/ want to go on living even after my death! And therefore lam grateful to God for giving me this gift, this possibility of developing myself and of writing, of expressing all that is in me. I can shake off everything if I write; my sorrows disappear, my courage is reborn. But, and that is the great question, will I ever be able to write anything great, will I ever become a journalist or a writer?
(Frank, 1958, p. 177)
The diary of Anne Frank has been translated into over 50 languages and has sold over 25 million copies (Schnedler, 2004). From the late 1940s to the present, no other young person has been the object of so much international attention, empathy, and research; and so many books, articles, movies, and documentaries. Her story resonates with every age group, and it has a timeless quality to it. Anne's account of living in the Secret Annex easily translates itself into a vicarious experience for each reader who can only wonder how he would have coped with living in such a confined space, staying inside for over two years, interacting with the same clashing personalities, and realizing that a single knock at the door could signal the beginning of an unmentionable horror.
The purpose of this article is not to recount the story of Anne Frank or to argue for its inclusion in an elementary school curriculum that may often neglect history/social science. Rather, I offer authentic questions from fourth graders about the story of Anne Frank to elementary teachers so they can be prepared, even overly-prepared, when they respond to sincere and often challenging inquiries about her life; and so they can have a historical dialogue with children that is intellectually stimulating and emotionally memorable for both them and their students.
Throughout California and other states where Open Court (SRA/McGraw Hill, 2000) has been adopted, fourth grade teachers have found themselves facing the challenge of introducing children to the story of Anne Frank. "Anne Frank: The Diary of a Young Girl" (Mooyaart-Doubleday, 2000) is included in Open Court's 4th grade basal as one of several stories that share the theme of "Surviving." The selection contains a short introduction, nine pages of content taken from three of Anne's diary entries (dated July 8, 1942; July 9, 1942; and July 10, 1942), 10 illustrations, a short conclusion, and a half page of student activities that are listed under the heading "Theme Connections." In relation to the last year of Anne's life, the following excerpts contain the only details:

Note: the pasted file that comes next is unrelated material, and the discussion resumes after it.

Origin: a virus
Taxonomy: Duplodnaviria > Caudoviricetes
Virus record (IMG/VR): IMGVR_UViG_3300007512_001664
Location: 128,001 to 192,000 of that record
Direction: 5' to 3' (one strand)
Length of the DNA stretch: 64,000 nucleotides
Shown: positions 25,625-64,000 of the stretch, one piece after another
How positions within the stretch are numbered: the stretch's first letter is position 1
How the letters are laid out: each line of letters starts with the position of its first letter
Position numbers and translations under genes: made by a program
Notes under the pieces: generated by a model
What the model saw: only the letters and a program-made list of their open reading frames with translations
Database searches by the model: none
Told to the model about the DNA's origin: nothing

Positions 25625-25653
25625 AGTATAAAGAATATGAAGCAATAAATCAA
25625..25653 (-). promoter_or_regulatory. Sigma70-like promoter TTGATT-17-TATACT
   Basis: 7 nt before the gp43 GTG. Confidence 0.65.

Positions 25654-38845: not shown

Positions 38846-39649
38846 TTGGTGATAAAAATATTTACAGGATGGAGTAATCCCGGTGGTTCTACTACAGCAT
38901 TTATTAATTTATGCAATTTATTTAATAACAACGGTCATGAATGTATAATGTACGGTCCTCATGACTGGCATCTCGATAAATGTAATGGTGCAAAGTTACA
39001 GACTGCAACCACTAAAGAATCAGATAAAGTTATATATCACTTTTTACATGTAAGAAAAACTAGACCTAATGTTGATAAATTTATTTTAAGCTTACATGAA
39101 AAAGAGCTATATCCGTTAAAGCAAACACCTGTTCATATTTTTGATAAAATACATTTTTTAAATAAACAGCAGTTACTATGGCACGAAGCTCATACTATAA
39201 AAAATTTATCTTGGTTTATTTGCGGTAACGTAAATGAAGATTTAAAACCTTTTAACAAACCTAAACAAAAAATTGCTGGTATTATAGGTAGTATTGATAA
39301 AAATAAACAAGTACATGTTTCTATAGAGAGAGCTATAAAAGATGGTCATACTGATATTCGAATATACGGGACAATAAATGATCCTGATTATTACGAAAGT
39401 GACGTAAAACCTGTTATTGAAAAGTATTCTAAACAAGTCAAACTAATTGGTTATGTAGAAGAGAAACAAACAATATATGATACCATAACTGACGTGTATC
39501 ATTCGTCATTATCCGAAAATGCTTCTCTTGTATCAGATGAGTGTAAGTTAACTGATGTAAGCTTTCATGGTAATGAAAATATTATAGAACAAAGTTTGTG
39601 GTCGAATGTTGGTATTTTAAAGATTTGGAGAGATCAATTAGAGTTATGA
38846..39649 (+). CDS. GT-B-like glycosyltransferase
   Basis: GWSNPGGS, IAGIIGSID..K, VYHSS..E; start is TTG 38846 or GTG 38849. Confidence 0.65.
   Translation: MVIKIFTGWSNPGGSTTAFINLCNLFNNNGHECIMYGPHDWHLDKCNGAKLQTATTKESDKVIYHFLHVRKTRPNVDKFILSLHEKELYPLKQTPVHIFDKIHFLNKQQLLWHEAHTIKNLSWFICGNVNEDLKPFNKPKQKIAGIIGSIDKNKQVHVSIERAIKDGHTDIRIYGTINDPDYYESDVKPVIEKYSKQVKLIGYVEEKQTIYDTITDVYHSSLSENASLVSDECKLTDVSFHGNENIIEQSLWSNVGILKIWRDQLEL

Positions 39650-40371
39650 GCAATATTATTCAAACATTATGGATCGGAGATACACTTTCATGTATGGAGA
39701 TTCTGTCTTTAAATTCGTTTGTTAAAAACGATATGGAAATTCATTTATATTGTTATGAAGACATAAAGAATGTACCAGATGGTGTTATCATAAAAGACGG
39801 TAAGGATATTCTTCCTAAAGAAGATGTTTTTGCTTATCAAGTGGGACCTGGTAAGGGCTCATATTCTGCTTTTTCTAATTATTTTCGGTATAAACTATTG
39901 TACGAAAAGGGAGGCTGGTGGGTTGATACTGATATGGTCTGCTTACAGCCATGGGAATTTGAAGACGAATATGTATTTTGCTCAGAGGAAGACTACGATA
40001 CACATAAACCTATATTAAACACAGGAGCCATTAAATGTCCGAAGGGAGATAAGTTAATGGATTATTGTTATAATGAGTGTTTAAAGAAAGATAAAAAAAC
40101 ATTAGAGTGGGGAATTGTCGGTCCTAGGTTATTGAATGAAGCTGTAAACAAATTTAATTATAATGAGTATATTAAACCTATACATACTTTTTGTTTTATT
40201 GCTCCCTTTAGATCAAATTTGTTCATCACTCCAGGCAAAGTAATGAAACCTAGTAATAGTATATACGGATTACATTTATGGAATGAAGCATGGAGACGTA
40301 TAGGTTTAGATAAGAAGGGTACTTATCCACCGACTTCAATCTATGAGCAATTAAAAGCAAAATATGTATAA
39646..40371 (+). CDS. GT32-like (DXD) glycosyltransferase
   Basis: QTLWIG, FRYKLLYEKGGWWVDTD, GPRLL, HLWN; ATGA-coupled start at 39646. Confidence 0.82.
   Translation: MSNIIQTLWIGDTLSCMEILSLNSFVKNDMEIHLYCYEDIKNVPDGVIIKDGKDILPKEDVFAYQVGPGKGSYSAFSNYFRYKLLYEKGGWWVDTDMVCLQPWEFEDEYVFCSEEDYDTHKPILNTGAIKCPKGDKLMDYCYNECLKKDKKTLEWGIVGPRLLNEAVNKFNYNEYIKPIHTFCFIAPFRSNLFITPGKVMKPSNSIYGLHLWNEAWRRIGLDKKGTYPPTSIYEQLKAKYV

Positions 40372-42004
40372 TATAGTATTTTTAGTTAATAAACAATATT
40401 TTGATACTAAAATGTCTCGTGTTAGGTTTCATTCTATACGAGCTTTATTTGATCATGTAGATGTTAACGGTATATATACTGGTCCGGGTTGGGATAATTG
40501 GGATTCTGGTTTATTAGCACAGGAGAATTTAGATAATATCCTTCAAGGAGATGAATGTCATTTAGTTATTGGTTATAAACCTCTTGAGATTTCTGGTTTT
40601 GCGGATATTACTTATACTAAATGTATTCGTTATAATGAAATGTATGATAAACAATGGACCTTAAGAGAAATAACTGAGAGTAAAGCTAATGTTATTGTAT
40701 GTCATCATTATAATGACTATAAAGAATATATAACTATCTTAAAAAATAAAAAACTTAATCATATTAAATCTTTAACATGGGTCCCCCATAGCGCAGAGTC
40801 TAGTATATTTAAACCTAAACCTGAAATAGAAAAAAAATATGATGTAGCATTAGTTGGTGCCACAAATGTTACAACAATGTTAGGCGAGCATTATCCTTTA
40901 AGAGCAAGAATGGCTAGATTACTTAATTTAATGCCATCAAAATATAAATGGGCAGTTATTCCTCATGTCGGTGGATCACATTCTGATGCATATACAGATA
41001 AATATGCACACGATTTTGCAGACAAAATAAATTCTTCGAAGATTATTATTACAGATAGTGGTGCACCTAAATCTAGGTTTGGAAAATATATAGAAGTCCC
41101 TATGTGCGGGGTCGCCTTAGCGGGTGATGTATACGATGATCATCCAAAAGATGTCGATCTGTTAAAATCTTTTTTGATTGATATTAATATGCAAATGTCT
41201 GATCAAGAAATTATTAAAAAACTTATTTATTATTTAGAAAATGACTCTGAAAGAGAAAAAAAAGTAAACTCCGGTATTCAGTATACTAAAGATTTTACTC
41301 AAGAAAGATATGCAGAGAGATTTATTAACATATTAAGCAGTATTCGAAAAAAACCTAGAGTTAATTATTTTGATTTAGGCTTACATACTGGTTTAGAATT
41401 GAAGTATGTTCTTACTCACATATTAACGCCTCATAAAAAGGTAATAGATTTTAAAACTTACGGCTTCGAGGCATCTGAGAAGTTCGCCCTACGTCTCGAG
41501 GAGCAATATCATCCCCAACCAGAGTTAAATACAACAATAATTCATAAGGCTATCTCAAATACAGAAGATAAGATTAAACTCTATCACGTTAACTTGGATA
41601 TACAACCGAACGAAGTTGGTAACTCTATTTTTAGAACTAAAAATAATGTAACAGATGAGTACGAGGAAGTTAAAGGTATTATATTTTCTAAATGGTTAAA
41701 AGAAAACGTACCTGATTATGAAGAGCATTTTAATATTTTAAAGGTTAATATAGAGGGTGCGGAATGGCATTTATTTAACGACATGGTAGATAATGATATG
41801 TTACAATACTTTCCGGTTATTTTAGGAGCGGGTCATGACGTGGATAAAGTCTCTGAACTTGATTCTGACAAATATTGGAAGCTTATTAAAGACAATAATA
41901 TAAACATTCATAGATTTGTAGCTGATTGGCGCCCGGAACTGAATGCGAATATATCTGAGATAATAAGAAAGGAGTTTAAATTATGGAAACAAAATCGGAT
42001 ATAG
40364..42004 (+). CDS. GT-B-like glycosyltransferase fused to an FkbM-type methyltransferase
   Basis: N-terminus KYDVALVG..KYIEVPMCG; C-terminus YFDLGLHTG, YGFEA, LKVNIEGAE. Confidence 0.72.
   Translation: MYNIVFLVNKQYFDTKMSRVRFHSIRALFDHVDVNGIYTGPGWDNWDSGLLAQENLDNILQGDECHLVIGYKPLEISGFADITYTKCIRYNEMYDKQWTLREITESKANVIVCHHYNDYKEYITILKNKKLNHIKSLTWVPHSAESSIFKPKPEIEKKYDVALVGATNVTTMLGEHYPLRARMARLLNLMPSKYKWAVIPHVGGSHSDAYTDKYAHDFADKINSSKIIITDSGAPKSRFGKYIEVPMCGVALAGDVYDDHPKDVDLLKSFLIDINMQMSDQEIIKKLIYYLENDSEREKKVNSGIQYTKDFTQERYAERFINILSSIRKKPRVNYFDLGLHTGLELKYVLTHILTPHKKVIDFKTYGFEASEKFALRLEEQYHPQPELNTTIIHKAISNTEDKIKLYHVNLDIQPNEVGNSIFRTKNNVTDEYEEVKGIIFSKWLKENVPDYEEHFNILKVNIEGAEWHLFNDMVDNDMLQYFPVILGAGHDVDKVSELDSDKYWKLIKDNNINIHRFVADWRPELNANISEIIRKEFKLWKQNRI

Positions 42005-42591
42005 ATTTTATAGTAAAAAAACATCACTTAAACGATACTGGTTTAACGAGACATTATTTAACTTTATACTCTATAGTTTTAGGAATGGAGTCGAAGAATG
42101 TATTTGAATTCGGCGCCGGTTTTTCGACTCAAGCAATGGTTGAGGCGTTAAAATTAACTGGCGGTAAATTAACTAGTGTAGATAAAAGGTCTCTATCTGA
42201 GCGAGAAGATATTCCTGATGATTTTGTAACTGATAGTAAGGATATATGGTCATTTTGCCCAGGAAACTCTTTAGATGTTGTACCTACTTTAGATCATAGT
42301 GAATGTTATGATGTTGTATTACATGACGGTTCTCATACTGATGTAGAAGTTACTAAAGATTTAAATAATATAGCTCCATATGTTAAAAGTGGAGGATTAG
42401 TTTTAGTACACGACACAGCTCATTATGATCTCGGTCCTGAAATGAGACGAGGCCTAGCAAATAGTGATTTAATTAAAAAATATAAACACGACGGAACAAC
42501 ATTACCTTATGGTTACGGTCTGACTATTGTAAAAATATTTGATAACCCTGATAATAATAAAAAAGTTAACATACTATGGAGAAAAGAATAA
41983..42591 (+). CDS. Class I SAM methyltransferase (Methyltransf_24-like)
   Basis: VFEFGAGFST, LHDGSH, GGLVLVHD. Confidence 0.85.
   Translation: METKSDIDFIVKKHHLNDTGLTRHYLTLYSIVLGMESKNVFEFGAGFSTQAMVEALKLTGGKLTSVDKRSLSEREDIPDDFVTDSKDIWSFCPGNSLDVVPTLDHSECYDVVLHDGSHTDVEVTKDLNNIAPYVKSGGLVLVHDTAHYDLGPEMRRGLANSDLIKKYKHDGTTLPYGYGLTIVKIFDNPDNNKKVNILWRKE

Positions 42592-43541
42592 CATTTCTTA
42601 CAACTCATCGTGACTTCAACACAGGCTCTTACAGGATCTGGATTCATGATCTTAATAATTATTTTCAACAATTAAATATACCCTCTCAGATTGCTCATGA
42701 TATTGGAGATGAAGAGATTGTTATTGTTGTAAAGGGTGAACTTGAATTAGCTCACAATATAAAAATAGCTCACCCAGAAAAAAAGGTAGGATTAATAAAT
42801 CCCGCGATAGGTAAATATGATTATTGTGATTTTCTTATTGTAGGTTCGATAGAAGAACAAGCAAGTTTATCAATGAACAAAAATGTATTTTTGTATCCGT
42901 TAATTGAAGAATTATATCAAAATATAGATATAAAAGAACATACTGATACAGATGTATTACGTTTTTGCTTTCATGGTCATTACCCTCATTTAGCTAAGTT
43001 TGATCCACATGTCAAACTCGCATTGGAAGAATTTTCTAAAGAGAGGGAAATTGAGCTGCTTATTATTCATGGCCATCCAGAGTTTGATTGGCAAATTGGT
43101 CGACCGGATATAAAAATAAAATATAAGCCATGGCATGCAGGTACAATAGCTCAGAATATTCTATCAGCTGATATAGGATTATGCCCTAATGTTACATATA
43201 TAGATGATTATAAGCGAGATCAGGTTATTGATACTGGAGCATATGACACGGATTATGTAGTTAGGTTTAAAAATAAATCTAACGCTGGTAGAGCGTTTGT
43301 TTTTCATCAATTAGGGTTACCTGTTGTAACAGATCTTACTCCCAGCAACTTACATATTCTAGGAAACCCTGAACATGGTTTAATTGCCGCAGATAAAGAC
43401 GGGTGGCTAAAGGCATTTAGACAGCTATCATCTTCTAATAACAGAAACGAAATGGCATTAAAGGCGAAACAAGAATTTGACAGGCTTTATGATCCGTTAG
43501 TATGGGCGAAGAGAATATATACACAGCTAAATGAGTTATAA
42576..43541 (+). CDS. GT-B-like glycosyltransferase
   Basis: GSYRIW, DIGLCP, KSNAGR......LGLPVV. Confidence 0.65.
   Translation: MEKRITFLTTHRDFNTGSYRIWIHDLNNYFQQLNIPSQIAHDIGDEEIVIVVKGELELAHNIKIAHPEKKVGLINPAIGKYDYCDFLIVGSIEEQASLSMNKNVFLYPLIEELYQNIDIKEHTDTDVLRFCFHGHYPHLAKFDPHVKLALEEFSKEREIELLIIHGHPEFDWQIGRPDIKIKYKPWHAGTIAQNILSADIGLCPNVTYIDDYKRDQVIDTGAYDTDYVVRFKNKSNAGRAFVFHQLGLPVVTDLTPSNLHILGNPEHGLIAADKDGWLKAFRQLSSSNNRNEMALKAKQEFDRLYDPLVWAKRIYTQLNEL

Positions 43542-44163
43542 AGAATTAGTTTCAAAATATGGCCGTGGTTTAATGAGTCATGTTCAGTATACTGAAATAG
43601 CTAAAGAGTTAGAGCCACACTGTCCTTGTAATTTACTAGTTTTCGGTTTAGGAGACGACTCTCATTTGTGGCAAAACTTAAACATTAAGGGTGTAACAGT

In 1944 the Franks were discovered and taken to concentration camps. Of the eight people in the Secret Annex, only Anne's father survived. When he returned to Amsterdam, Miep and ElIi gave him the diary they had found in the Annex" (p. 404). Her father found these diaries after her death in a concentration camp in 1945 and had them published" (p. 394).
In the section entitled "Theme Connections," the following questions appear: "What people would you miss?" "What activities would you miss?" "Would you miss any special foods?" Needless to say, children will want much more of the story than is told in the selection, and it will take more than these simple questions to stimulate a rich and rewarding conversation about Anne Frank. Here is where a teacher's preparation, sensitivity, expertise, and personal knowledge of her students are essential.
On two occasions in recent years, I have been asked to be a special guest in fourth grade classrooms where children have just finished reading the story of Anne Frank from Open Court. Before I visited the students, I asked their teachers to have them write several questions that they would like to ask me on a piece of paper. Both experiences were incredible. I found children anxiously awaiting an opportunity to ask sincere and serious questions about Anne Frank. Classroom management was nearly perfect. Almost every child was totally engaged. …